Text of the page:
Chevron wins approval to drill first deep-water wildcat since spill

Chevron won approval today to continue drilling an exploratory well in the Gulf of Mexico — the first deep-water wildcat to be permitted since last year’s oil spill.

Under a permit issued by the Bureau of Ocean Energy Management, Regulation and Enforcement, Chevron will be allowed to drill a new well in a previously untapped reservoir in the Gulf of Mexico.

Although it is the fifth deep-water drilling project to be permitted since the Obama administration lifted a ban on that work last October, Chevron’s well would be the first in an unknown reservoir where oil or gas has not been produced.

The other permits — all issued in the past four weeks — have gone to projects where wells have already been drilled and discoveries have been made.

Here, Chevron is drilling an exploratory well in 6,750 feet of water at its Moccasin project in hopes of discovering oil and gas. The company is effectively making a $1 million-per-day gamble that it will discover oil at the site.

The company first began drilling the well last March, a month before the blowout at BP’s Macondo well. Drilling was suspended on June 9.

The project is located in Keathley Canyon Block 736, approximately 216 miles off the Louisiana coastline and 190 miles southeast of Houston.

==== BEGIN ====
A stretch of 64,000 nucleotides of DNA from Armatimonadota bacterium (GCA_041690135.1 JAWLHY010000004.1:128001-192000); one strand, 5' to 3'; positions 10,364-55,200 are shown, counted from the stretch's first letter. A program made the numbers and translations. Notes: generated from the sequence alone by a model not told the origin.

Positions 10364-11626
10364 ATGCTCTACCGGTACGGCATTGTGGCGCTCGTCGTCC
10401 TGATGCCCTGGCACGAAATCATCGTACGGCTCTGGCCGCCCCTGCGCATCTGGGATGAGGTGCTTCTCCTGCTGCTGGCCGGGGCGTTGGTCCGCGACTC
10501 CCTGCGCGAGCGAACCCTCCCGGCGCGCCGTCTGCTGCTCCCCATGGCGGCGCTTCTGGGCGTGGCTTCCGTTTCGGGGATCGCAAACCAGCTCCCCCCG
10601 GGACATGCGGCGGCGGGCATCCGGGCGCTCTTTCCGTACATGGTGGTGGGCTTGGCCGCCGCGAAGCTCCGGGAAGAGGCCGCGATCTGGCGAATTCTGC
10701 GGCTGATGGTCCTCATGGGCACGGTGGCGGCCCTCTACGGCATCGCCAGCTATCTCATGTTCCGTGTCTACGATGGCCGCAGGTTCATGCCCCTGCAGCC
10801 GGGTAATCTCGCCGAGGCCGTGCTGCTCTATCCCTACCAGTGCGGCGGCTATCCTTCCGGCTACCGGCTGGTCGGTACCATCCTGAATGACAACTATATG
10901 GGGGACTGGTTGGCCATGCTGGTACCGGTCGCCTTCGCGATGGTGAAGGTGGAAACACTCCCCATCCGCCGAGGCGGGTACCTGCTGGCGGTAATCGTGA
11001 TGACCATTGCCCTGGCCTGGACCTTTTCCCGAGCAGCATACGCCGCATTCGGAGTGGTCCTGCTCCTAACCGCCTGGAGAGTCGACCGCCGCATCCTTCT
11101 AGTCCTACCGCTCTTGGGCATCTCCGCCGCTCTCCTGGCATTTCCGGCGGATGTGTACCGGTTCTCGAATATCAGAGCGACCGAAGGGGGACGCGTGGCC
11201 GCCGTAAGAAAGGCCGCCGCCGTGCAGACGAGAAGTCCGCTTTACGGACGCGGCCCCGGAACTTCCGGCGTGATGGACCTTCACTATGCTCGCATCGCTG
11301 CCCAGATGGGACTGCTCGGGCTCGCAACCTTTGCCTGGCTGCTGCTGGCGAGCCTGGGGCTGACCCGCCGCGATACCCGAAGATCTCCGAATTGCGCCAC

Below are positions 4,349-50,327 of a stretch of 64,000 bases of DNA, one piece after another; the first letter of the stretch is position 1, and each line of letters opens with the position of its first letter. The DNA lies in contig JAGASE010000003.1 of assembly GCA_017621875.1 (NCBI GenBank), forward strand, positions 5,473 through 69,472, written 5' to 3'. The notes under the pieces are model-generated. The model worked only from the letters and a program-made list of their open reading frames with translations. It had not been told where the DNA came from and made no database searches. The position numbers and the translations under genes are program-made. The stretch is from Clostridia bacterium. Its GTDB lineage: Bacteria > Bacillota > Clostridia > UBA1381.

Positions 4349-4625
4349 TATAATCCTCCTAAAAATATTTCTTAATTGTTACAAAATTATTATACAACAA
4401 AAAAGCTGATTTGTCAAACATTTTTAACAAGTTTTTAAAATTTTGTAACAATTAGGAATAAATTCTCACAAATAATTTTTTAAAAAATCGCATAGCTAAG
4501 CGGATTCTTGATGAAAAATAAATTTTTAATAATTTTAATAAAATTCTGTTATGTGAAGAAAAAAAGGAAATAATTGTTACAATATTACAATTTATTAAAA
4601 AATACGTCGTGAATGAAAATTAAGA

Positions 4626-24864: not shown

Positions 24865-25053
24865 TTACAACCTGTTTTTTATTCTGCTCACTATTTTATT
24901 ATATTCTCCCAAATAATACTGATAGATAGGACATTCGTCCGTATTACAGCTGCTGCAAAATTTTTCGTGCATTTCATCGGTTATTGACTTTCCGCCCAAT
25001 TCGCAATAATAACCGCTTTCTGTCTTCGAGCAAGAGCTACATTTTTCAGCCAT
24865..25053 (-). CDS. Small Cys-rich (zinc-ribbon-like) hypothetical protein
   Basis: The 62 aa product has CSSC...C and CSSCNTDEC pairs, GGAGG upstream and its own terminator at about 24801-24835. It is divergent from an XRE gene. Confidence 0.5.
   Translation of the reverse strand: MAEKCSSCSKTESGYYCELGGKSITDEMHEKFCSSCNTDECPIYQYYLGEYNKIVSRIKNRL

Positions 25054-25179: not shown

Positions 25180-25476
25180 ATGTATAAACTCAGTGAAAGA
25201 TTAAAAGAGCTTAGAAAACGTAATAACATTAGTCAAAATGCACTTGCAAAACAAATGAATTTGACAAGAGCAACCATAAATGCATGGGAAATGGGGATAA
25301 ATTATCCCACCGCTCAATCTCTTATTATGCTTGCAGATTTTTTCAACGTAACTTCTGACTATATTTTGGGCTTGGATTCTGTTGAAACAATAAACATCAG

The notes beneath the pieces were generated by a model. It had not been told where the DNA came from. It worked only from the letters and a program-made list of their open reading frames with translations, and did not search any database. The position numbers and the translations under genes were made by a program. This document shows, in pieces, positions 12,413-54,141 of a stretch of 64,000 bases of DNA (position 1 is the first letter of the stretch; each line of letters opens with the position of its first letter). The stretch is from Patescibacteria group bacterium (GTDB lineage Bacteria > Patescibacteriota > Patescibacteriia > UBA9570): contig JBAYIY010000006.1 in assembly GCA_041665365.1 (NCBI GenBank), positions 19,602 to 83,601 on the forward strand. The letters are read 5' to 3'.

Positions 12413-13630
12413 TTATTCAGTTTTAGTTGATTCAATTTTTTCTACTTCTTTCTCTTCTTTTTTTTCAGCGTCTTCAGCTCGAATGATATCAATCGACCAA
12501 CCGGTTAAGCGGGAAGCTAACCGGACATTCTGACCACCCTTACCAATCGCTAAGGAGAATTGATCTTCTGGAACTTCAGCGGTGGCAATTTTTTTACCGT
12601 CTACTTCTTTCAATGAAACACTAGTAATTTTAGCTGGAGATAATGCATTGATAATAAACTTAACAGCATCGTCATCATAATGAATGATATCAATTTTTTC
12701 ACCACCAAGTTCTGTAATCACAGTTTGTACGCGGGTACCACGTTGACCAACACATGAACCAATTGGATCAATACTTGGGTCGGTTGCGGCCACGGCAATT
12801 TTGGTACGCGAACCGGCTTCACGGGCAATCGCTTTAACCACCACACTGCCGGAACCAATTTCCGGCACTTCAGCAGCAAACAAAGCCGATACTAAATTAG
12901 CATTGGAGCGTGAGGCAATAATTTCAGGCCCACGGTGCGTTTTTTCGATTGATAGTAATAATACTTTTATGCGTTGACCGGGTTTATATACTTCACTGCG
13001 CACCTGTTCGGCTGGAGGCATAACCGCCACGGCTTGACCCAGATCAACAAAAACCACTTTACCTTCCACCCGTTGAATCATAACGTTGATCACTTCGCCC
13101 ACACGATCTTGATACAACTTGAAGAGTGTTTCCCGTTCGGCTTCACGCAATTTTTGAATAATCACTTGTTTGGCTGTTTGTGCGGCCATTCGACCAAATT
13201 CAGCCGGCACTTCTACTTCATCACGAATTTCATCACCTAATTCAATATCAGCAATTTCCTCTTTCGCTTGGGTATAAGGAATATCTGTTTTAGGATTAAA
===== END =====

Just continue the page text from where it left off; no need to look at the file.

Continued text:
Michael Bromwich, the bureau director, said the permit approval “further demonstrates industry’s ability to meet and satisfy the enhanced safety requirements associated with deep-water drilling, including the capability to contain a deep-water loss of well control and blowout.”

The permit could amplify concerns about the reliability and strength of emergency devices known as blowout preventers, following a report Wednesday on the one used at BP’s doomed well in the Gulf. A four-month investigation of that blowout preventer revealed that it was unable to successfully shear through drill pipe and seal oil and gas underground because that pipe had buckled and shifted off center.

Offshore drilling advocates cheered the permit approval. Randall Luthi, president of the National Ocean Industries Association, said that while all of the deep-water permits issued to date are good news, “today’s approval of a permit for truly new deep-water exploration in the Gulf of Mexico is particularly noteworthy and is a milestone we have been awaiting.”

“We are encouraged that the backlog of permit applications is slowly growing smaller, and that some of our member companies who were sidelined for the past year will soon get back to work in the Gulf,” Luthi added.

The ocean energy bureau has focused on restarting 57 deep-water drilling projects that were approved before last year’s spill, including 16 where drilling had begun. Those previously permitted projects have been grandfathered from undergoing environmental assessments that will be done on all new deep-water drilling proposed since last year’s spill.

To win the permit, Chevron had to prove to regulators it could swiftly control any blowout at the site and trap gushing crude. The company said it would rely on the marine capping stack and other equipment provided by the Marine Well Containment Company in case of a sub-sea blowout.

Chevron joined three other major oil companies — Exxon Mobil, Shell and ConocoPhillips — to form the MWCC after last year’s spill. BP, Apache Corp. and Anadarko Petroleum Corp. have since joined the containment company.

If you’re keeping score, here are the permits that have been issued so far for offshore exploration projects that were blocked by last year’s ban on some deep-water drilling: